Wanted for: being a highly invasive, dangerous plant which can form dense colonies, especially on river banks. This goliath among plants leaves native wild plants standing in the shade. Its sap contains chemicals which can cause severe burns to the skin.
Originally from: the Caucasus Mountains between Europe and Asia. Introduced as an ornamental by the Victorians.
Latin name: Heracleum mantegazzianum
What to look out for: The chunky shoots of this enormous carrot family plant appear around April. Giant Hogweed is much bigger than Common Hogweed – growing 3m high or more, and with more sharply-cut, jagged leaf edges. Giant Hogweed leaves can be over a metre long and the green stems can have purple blotches. The flower heads can be half a metre across. Look out too for the previous year's tall canes and skeletal flower remains. Do not touch if you see it.
Invasive powers: Each plant can create over 20,000 seeds which may stay viable and capable of germination for up to 15 years. It spreads easily along watercourses - so it's essential to control it.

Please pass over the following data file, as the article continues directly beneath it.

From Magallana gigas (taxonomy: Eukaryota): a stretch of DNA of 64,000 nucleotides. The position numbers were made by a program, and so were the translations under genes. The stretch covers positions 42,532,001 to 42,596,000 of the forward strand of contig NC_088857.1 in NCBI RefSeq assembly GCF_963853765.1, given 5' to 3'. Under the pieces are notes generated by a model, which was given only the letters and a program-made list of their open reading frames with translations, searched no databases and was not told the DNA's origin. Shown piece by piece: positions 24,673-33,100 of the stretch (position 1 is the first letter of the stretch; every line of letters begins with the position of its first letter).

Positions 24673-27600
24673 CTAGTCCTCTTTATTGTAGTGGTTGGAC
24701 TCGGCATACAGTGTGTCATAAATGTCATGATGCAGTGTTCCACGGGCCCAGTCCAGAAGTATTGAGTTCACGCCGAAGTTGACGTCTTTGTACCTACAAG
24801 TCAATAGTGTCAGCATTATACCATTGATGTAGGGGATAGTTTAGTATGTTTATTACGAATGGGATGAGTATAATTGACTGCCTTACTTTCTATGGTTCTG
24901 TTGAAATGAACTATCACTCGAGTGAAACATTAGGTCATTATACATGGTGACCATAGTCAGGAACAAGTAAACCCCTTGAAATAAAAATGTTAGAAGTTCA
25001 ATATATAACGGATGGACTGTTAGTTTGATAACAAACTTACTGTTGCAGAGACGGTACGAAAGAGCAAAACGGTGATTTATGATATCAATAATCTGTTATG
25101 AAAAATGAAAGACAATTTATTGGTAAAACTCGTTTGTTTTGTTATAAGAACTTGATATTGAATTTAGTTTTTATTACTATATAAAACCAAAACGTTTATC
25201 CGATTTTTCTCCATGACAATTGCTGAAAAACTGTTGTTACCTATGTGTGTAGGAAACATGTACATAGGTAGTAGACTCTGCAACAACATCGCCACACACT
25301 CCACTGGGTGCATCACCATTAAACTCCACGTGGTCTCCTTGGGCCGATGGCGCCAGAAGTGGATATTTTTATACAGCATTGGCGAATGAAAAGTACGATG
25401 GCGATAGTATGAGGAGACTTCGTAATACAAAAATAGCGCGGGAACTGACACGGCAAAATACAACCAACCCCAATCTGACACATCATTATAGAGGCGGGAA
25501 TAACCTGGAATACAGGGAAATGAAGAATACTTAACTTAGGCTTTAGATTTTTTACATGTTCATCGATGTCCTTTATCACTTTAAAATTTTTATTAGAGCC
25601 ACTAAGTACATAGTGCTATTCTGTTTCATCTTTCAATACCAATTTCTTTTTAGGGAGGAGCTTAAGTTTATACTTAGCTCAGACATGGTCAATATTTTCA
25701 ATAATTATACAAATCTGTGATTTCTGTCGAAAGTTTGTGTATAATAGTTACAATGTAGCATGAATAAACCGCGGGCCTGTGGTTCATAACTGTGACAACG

Our work to control Giant Hogweed: Our survey work found that it has become well-established in the High Weald along stretches of the River Rother and Dudwell. We secured funding from the Environment Agency to help Upper Rother & Dudwell Farm Cluster members work together to control it. Landowners’ have a legal responsibility to prevent giant hogweed spreading to neighbouring land. We’ve also produced a Management Guidance Report for the Farm Cluster to help with its management.
If you suspect you have Giant Hogweed on your land, get in touch with us for advice.
- Giant Hogweed Management Guidance Report
- Download the Giant Hogweed identification sheet from the Non-Native Species Secretariat website.